Ask 3: Why you should learn Python

By Jim Christopher    |    January 23, 2018

If you’re ready to master a new technology, it pays to hear from someone who knows. In our Ask 3 series, we interview an expert from our worldwide network of authors to help you learn about the most important technologies today. In our third post of the series, Python pro Jim Christopher answers three questions about this critical technology.

Python is a rare bird among programming languages. Few languages are prevalent in so many disciplines: web development, data analytics, biology, operations, robotics, graphics, image manipulation, etc. Fewer can boast being almost 30 years old to boot. This combination – a professionally diverse community feeding a platform for nearly three decades – puts Python in a rather magical space. The challenge with Python isn’t finding a problem where you can use it; the challenge is finding a problem where you can’t. 


What's the most important thing happening in Python right now?

Python adoption is accelerating in key industries, due at least in part to the surge of interest in data science and machine learning—spaces where Python has become a staple technology. Looking at patterns of Stack Overflow queries across languages, the growth of Python is clearly being demonstrated. 


What's an adjacent skill/technology that complements Python?

At present, the most commonly cited reasons to learn Python are its applications in data science and software development. However, there really isn’t a field where you wouldn’t benefit from knowing Python. Python is used as an automation platform for several graphics and design applications, it’s an omnipresent language in cloud and datacenter operations, it’s used routinely in massive biological analytics applications like the Human Genome Project and it’s a common platform for robotics programming.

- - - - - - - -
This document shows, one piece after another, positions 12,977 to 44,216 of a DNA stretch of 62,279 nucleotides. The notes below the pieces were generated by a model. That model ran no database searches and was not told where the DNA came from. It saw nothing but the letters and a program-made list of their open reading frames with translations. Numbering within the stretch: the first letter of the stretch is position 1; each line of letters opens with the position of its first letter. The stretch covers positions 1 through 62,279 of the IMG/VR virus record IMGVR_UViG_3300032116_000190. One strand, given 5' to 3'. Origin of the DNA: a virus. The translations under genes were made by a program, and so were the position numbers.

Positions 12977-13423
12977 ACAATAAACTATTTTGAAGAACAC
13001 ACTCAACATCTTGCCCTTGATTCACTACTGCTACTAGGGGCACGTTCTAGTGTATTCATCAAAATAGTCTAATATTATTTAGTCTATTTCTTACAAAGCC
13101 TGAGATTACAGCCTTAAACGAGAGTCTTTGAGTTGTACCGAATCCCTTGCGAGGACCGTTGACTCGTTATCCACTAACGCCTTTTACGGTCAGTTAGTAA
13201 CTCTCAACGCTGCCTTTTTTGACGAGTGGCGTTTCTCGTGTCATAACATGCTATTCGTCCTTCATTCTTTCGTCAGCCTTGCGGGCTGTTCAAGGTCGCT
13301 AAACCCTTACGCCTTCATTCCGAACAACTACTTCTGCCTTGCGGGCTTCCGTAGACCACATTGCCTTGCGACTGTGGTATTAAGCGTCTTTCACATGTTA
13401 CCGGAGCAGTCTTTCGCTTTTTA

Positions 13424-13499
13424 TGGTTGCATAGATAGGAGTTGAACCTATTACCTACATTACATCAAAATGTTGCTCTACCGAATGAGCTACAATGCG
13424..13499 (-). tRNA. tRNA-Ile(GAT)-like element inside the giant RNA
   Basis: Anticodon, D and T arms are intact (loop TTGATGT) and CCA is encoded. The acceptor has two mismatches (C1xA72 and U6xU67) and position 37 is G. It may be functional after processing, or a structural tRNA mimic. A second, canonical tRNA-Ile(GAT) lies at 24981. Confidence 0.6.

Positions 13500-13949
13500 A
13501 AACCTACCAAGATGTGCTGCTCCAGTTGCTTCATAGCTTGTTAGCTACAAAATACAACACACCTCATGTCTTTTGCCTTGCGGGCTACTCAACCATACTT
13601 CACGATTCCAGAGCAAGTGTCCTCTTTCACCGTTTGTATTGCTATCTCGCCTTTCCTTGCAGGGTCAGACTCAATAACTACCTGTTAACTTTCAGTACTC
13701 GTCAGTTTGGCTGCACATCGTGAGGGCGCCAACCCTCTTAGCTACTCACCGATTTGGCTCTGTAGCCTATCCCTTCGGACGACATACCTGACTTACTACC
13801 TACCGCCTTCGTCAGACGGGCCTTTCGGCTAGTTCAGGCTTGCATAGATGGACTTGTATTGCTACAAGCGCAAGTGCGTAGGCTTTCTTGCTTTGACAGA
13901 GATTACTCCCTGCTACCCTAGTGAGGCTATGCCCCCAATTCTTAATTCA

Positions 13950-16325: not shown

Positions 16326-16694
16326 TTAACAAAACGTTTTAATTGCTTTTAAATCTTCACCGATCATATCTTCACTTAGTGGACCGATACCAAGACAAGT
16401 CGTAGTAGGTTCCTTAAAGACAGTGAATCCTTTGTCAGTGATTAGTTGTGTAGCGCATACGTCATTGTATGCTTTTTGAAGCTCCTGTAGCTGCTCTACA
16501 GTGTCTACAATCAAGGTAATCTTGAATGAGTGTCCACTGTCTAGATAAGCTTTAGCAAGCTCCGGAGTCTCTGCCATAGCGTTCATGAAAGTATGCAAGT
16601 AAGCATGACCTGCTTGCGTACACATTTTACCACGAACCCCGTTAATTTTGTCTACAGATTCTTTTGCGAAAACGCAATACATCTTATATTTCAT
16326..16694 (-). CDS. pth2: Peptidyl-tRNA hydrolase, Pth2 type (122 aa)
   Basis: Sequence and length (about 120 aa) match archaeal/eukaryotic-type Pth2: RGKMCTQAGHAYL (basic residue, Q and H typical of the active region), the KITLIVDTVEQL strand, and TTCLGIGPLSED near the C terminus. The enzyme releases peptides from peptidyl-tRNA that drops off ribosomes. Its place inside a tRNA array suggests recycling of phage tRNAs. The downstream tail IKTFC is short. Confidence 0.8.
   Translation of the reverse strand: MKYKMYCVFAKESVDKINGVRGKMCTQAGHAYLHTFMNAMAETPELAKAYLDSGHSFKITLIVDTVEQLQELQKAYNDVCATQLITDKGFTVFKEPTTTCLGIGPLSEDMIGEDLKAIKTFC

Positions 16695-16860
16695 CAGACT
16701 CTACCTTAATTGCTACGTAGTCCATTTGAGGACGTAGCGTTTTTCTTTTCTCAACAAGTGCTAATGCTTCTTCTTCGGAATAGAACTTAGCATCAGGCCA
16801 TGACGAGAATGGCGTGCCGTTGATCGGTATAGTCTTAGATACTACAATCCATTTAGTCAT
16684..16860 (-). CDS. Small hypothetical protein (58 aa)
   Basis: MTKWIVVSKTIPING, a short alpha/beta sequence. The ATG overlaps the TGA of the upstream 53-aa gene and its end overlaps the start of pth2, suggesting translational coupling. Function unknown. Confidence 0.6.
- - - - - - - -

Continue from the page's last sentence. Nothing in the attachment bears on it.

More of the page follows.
What does the future look like for Python?

If Python isn’t everywhere, it will be soon. One of the biggest indicators I can find at the moment is Microsoft is considering adding support for the language to its flagship Excel office product. 

Part of the reason that Python is so successful is because it’s comparatively simple to many other programming languages and platforms. The language syntax is very straightforward; however the platform built around that language is immense and can feel very daunting. The natural place to begin your journey is learning the Python language—get the core syntax and structure down first. Once you feel comfortable with the language, your knowledge of the platform will come from solving real problems. Want to find out where your Python skills stand? Start by getting your Python IQ. Or check out our comprehensive guide to learning Python.

About the author

Jim Christopher is the Curriculum Director for Enterprise Content at Pluralsight. He has over 18 years of experience developing software for aerospace, education, gaming, and business. Jim is a multi-year Microsoft MVP, avid speaker, Pluralsight author, and general lover of life. You can follow him on twitter, where he's known as @beefarino.